1) Does an employer have any legal right to discipline or discharge an employee for the comments the employee makes about the company? It can be done, but depends on the comments and why they were posted. The NLRB does have rules regarding this type of activity. For instance, you can be legally terminated if: 1) the postings are an expression of an individual grievance, 2) there was no suggestion that the individual was seeking group action, or 3) there was no prior discussion concerning terms and conditions of employment with co-workers. 2) If you were representing the company in this case and the NLRB regional director asked if you would be willing to settle the union’s charges voluntarily, would you do so or would you insist on your legal right to a formal NLRB hearing on the charges?
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Explain your reasoning. I would insist on a formal hearing due to the fact that there was a policy in the Employee Handbook prohibiting employees from “making disparaging comments when discussing the company or any of its supervisors and prohibited employees from depicting the company in any way over the Internet without receiving prior approval from an authorized company official” (Holley, Jennings, & Wolters, 2012, p.377).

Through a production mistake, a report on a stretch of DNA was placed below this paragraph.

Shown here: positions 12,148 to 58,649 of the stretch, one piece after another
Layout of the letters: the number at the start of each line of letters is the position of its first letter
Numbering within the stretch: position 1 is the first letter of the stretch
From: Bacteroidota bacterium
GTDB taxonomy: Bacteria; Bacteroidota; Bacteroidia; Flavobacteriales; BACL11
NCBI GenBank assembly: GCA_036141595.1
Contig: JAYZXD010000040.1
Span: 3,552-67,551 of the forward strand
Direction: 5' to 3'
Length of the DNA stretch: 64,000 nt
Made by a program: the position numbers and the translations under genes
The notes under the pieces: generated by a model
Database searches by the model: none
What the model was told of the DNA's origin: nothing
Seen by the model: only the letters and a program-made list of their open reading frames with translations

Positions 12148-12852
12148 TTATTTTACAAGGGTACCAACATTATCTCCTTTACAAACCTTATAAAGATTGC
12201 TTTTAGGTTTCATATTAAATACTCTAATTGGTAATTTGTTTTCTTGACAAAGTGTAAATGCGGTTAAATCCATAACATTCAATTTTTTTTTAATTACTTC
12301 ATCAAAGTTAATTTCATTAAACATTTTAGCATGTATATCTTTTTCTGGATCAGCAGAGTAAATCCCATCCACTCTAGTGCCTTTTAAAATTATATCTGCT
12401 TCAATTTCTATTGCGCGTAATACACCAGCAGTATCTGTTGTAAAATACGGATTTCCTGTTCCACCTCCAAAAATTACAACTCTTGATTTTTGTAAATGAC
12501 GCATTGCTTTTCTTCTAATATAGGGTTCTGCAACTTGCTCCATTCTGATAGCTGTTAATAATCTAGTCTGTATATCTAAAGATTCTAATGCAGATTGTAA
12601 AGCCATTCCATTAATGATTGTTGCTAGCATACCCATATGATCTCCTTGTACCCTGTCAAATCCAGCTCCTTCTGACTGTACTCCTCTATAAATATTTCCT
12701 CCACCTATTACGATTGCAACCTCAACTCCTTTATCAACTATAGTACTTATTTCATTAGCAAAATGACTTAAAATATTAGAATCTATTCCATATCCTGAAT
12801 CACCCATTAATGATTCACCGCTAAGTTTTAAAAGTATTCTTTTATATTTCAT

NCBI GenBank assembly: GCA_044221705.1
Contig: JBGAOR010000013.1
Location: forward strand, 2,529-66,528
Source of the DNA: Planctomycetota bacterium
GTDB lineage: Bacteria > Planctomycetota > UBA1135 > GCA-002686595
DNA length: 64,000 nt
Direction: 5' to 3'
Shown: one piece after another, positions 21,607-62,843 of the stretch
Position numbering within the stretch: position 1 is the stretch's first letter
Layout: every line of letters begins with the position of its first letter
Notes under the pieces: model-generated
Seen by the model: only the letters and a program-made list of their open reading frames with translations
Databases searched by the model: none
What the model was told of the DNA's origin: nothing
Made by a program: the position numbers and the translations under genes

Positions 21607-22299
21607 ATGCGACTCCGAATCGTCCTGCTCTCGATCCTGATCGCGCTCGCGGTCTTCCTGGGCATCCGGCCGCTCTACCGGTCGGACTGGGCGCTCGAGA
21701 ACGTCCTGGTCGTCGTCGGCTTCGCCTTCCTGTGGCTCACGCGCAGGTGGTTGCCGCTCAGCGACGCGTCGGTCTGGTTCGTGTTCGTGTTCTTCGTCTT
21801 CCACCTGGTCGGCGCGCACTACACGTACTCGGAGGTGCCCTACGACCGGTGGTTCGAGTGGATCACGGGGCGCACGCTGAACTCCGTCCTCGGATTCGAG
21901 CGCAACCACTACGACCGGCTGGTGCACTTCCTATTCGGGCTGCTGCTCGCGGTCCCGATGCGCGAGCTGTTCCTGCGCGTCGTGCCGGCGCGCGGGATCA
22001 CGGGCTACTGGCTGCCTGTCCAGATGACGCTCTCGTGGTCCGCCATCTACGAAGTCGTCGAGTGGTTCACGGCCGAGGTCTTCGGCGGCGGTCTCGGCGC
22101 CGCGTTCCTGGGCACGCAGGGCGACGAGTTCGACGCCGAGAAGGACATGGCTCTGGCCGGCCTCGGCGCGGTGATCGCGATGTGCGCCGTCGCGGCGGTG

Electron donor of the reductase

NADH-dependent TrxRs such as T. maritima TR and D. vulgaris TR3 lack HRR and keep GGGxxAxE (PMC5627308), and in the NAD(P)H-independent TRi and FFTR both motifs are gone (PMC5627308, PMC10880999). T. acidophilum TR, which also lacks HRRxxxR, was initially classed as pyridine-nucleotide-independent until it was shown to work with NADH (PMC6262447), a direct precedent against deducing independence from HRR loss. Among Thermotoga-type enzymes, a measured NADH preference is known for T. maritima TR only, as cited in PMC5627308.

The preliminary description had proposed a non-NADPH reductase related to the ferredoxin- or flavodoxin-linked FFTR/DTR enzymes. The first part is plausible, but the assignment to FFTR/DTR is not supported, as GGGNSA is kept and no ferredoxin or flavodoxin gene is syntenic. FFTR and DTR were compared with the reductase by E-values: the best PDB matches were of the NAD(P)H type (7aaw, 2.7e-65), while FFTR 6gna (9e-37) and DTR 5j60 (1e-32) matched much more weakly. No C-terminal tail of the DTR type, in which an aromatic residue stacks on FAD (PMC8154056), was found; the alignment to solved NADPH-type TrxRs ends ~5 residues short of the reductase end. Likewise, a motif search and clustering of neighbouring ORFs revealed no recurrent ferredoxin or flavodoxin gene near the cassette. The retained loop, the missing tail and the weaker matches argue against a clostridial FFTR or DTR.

3) Did the company commit an unfair labor practice by (1) discharging Nelson for her Facebook postings, (2) denying Nelson an opportunity to meet with her local union representative during an investigatory meeting with her supervisor, or (3) enforcing an overly broad blogging and Internet policy? It is my opinion that the company was within its legal right to dismiss Nelson and that there was no unfair labor practice committed.
The policy was clearly stated in the Employee Handbook and Nelson chose to post derogatory comments on a social network anyway. I feel that if an employee has something to say about their company, supervisors, or other employees, it is best done in a formal and professional manner. I don’t think that anyone needs to air their
dirty laundry (or that of others) on a social networking site.